As the threat to far north Queensland posed by Tropical Cyclone Yasi eases, telecommunications companies have begun accounting for the damage to their network infrastructure.
The companies had spent much of yesterday preparing for the category 5 cyclone, which hit the Queensland coast late last night. While Yasi has since been downgraded to a category 2, the impact of the cyclone still damaged network infrastructure in the area.
Telstra reported this morning that 5000 fixed phones were not currently operating and around 25 mobile towers were without service on the network. In a statement, the company said that 450 network sites were affected due to a lack of power.
In a press conference this morning, Queensland Premier Anna Bligh said that a number of towers were running on backup generators that would not be reliable.
"Unless we can get them up on mains power, people can expect significant and severe disruptions to the mobile network and their mobile capacity," she said.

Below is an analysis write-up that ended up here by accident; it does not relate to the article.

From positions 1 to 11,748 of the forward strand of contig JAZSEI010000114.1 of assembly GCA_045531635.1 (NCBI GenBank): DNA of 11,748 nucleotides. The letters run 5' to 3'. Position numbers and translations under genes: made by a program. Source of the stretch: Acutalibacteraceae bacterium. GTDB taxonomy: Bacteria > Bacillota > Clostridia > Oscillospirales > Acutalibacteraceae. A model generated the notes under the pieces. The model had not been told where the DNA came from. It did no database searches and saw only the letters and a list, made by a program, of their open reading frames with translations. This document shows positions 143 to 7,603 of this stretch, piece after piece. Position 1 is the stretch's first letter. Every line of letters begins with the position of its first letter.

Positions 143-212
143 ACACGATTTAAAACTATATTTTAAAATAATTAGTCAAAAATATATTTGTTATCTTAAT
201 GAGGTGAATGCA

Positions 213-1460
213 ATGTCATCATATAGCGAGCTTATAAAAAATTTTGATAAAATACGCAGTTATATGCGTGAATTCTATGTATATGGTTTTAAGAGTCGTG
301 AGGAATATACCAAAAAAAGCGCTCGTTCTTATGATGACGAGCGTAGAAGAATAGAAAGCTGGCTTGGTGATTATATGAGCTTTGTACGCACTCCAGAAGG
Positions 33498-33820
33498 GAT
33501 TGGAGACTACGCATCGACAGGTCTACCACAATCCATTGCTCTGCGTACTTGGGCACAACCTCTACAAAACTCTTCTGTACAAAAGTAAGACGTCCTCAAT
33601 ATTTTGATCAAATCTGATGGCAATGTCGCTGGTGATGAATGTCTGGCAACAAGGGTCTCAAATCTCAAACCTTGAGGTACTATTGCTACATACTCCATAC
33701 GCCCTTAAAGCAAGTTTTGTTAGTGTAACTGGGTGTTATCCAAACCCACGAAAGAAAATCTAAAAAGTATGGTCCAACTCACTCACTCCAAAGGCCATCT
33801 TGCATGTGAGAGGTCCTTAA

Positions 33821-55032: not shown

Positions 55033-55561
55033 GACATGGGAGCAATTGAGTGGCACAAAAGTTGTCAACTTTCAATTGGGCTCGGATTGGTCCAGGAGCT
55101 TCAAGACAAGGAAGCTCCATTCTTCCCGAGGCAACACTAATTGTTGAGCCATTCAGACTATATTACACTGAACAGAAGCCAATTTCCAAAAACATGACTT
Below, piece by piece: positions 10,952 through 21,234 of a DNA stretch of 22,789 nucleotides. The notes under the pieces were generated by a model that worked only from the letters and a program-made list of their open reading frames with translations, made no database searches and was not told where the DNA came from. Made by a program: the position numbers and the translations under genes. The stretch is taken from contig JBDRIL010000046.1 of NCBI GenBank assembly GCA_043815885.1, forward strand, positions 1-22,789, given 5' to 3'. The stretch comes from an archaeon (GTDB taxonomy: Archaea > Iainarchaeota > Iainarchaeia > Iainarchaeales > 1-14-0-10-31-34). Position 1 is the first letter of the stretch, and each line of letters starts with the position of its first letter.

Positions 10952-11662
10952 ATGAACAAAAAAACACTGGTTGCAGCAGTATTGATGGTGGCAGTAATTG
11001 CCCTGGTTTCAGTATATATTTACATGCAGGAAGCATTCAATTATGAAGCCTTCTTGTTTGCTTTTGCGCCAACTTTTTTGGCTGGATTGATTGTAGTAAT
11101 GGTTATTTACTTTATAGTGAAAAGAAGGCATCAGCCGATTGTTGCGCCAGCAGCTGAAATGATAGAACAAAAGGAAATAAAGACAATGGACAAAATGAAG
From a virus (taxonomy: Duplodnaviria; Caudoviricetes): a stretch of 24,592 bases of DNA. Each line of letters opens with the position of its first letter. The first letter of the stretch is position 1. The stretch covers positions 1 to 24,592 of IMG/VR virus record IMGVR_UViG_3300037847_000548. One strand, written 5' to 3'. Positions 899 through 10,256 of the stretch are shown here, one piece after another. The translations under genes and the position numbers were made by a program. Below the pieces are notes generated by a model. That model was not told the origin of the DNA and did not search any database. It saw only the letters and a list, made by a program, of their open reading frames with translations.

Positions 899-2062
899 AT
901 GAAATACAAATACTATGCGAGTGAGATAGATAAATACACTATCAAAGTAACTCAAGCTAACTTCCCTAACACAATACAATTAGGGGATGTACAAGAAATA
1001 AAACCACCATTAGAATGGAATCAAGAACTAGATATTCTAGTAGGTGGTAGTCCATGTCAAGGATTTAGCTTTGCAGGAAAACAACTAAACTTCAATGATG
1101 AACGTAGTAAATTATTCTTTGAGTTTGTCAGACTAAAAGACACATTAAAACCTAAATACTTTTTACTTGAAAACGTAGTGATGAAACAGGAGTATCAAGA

Telstra said that its first priorities were ensuring the safety of Telstra employees and assessing the impact on the network.
"While the network is holding up well under such extreme circumstances, these impacts will change when we get a wider picture throughout the day," the company said. "We have a big job ahead of us. We have more than 200 technicians on the ground ready to repair and restore the network in the region."
Fellow telco Optus said that 52 base stations of its mobile network were impacted by the cyclone and a number of the stations were running on backup batteries due to power failure. The company said its reef network between Brisbane and Cairns was also running on backup batteries; however, it added that its mobile network in Cairns and Townsville was still operational.
Vodafone released a statement this morning stating that its services had suffered in Cairns Bowen and Mackay due to power outages and transmission link failures.
"We have dispatched teams of engineers to affected areas, and they will be working to restore services where access is available," Vodafone said. "They have backup generators, fuel and other network equipment to hand and they will start to assess damage to individual sites and restore services as quickly as they can."